One of the things that makes Texas famous is its proclivity to incarcerate people. However, the vast majority of people in the Lone Star State’s jails are legally innocent.
A recent article in the Texas Observer parsed data from the Texas Public Policy Foundation and found that three out of every four inmates in Texas’ county jails are “pretrial” inmates, meaning they have not yet been convicted of any crime. However, inmates cannot leave until someone pays their bail, which is often too high for most working-class Texans to afford.
While bail can vary depending on the state in which someone was arrested, the charge they’ve been given, and the inmate’s past arrest history, bail for even just a misdemeanor charge can amount to as much as $1,000, according to Human Rights Watch. Given the fact that 40 percent of Americans can’t afford an emergency $400 expense, this means that many arrestees will have no choice but to sit in jail.
2014 data from the Texas Public Policy Foundation found that there were an estimated 154,000 inmates in the state’s jail system, When using the foundation’s calculations that housing one inmate costs $50.79 per day (or $18,538 per year), and assuming the foundation’s estimate of 75 percent of county inmates are in the pretrial stage of their cases is correct, this means that Texans are paying more than $2 billion each year to house pretrial inmates. This essentially amounts to a taxpayer subsidy of the bail bondsman industry.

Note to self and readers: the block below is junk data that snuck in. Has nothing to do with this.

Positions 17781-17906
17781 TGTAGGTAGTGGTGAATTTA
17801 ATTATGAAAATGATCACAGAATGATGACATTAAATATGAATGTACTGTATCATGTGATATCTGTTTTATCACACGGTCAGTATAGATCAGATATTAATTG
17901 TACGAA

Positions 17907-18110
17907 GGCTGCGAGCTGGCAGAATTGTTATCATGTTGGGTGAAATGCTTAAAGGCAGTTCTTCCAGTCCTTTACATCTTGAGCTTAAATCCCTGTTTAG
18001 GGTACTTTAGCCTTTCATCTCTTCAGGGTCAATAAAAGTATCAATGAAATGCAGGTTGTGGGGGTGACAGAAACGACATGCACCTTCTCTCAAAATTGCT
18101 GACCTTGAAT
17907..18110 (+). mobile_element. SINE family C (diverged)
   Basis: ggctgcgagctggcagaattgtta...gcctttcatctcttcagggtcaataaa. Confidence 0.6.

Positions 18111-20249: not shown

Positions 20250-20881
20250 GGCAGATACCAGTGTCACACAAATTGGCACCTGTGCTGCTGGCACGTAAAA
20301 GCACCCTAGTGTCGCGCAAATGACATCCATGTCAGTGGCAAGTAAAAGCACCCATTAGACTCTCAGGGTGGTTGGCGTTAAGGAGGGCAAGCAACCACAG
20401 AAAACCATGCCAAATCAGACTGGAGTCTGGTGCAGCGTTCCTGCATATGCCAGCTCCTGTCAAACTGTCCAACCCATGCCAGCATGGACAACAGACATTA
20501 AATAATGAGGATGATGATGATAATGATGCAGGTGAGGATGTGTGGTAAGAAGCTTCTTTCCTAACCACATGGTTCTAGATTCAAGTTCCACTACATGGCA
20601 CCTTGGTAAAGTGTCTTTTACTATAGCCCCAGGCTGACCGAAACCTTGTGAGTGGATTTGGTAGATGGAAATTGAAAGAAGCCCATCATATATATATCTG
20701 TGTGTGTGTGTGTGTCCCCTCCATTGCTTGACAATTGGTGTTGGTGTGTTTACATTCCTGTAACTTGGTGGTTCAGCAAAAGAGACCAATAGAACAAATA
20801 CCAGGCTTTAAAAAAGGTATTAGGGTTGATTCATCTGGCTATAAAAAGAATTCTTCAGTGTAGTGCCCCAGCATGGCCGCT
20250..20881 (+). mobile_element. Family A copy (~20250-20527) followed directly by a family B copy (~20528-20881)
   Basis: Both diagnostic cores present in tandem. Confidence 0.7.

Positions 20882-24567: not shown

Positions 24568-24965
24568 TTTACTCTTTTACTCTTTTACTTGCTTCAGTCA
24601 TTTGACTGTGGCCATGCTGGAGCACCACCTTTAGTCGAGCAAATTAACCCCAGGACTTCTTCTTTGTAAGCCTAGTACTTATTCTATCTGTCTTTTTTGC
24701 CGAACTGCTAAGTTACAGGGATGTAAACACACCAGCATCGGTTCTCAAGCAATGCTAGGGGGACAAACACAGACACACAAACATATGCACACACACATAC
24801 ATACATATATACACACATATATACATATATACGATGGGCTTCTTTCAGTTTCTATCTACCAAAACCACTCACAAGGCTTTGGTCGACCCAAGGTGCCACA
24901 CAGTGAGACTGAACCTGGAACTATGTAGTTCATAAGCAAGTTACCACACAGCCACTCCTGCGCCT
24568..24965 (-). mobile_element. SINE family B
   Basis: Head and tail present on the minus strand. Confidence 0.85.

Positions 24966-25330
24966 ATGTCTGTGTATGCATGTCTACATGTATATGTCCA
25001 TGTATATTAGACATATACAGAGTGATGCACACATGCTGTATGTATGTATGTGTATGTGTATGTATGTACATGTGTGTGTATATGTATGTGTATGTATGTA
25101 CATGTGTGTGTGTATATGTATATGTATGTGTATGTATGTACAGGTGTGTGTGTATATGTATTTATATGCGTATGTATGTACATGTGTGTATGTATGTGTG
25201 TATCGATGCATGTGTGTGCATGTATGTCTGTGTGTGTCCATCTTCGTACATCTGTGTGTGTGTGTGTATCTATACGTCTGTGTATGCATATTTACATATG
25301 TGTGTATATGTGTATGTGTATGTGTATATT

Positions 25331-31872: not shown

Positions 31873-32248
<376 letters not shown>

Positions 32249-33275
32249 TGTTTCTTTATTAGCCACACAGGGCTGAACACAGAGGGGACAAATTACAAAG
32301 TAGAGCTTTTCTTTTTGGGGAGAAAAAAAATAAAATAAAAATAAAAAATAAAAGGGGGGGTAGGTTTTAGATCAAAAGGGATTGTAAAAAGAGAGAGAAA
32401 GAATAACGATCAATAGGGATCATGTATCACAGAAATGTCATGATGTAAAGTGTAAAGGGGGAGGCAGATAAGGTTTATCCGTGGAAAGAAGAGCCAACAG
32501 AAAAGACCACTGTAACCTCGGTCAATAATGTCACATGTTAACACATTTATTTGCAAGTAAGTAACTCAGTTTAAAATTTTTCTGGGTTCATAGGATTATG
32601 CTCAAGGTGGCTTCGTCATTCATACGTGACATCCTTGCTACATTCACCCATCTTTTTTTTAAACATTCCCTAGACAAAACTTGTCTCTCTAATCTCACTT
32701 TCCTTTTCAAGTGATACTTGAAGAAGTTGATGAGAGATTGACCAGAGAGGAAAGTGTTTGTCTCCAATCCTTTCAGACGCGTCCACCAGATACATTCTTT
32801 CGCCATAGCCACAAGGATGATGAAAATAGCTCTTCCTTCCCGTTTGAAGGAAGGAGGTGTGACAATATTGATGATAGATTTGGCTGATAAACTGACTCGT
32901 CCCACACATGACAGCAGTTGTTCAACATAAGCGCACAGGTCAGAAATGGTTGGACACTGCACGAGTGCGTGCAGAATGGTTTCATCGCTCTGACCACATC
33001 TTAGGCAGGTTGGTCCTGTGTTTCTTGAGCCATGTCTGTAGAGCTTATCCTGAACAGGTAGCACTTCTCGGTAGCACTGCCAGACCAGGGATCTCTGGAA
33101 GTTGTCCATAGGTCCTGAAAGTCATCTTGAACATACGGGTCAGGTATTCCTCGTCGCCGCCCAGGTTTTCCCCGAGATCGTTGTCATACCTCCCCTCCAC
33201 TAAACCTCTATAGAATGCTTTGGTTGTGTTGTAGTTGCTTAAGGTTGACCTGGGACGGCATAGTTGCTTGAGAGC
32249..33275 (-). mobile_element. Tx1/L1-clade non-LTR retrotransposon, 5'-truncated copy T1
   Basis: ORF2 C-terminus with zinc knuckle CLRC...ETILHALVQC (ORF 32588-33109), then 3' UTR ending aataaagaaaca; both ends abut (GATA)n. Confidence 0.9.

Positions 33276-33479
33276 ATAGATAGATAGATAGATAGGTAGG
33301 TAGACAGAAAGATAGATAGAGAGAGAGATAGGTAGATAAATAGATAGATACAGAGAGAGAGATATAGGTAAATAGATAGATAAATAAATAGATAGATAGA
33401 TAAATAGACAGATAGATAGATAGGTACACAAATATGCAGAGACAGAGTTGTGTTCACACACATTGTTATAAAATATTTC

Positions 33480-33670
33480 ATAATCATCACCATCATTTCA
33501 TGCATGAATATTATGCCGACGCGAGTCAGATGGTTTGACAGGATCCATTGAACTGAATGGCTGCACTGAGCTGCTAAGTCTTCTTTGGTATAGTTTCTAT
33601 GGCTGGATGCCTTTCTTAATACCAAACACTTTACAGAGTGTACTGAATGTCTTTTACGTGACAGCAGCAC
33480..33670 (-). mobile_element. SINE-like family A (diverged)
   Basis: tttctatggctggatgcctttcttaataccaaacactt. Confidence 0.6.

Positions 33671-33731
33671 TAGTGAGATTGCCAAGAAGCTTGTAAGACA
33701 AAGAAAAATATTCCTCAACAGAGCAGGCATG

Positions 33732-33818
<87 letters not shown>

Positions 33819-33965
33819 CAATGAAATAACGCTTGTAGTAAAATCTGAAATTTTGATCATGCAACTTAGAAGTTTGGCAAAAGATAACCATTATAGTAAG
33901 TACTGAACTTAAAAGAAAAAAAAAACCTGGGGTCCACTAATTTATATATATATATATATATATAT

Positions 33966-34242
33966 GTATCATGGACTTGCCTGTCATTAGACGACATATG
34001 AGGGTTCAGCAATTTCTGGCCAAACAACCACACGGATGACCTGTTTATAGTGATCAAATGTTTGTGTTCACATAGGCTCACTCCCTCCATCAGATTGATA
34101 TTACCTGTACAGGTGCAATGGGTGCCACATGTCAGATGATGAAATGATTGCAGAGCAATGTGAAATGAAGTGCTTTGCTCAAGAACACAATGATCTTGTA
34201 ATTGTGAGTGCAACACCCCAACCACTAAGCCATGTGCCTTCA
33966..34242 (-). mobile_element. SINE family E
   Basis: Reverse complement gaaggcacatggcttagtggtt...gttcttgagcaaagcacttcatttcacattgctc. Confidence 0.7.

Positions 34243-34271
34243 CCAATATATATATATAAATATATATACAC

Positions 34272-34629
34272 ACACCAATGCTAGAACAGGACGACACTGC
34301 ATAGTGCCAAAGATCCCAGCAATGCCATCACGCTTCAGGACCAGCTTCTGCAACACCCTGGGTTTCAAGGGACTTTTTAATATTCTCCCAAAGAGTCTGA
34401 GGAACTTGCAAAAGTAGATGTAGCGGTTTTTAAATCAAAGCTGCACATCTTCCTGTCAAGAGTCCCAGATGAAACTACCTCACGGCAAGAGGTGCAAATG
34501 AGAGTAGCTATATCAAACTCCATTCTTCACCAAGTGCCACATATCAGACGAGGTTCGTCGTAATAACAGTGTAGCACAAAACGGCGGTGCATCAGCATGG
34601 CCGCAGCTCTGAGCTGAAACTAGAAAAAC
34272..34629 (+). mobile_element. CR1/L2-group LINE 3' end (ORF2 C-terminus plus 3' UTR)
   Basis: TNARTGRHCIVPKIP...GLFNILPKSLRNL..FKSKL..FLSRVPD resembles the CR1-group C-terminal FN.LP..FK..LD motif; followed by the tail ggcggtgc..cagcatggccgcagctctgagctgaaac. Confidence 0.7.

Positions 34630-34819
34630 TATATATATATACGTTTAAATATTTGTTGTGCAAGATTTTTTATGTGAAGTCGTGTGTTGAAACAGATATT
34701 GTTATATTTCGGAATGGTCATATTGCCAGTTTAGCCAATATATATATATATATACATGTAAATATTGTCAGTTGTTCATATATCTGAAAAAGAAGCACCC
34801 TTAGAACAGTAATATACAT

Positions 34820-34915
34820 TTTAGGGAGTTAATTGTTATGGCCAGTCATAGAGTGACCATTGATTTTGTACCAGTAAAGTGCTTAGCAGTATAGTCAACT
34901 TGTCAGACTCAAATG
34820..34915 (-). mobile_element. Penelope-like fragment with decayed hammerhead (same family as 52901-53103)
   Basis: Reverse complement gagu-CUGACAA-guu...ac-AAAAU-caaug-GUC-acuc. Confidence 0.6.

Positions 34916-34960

Senator Bernie Sanders (I-Vermont) recently introduced a bill to end cash bail for federal inmates while creating various incentives for states to end cash bail of their own accord. Philadelphia District Attorney Larry Krasner has also ended cash bail for low-level offenses like marijuana possession, shoplifting, and resisting arrest. Should Texas also end the practice of cash bail, it would likely save taxpayers billions of dollars while vacating jail cells.
Nick Jewell is a freelance political writer, and a proud resident of Bed-Stuy, Brooklyn. Email him at email@example.com.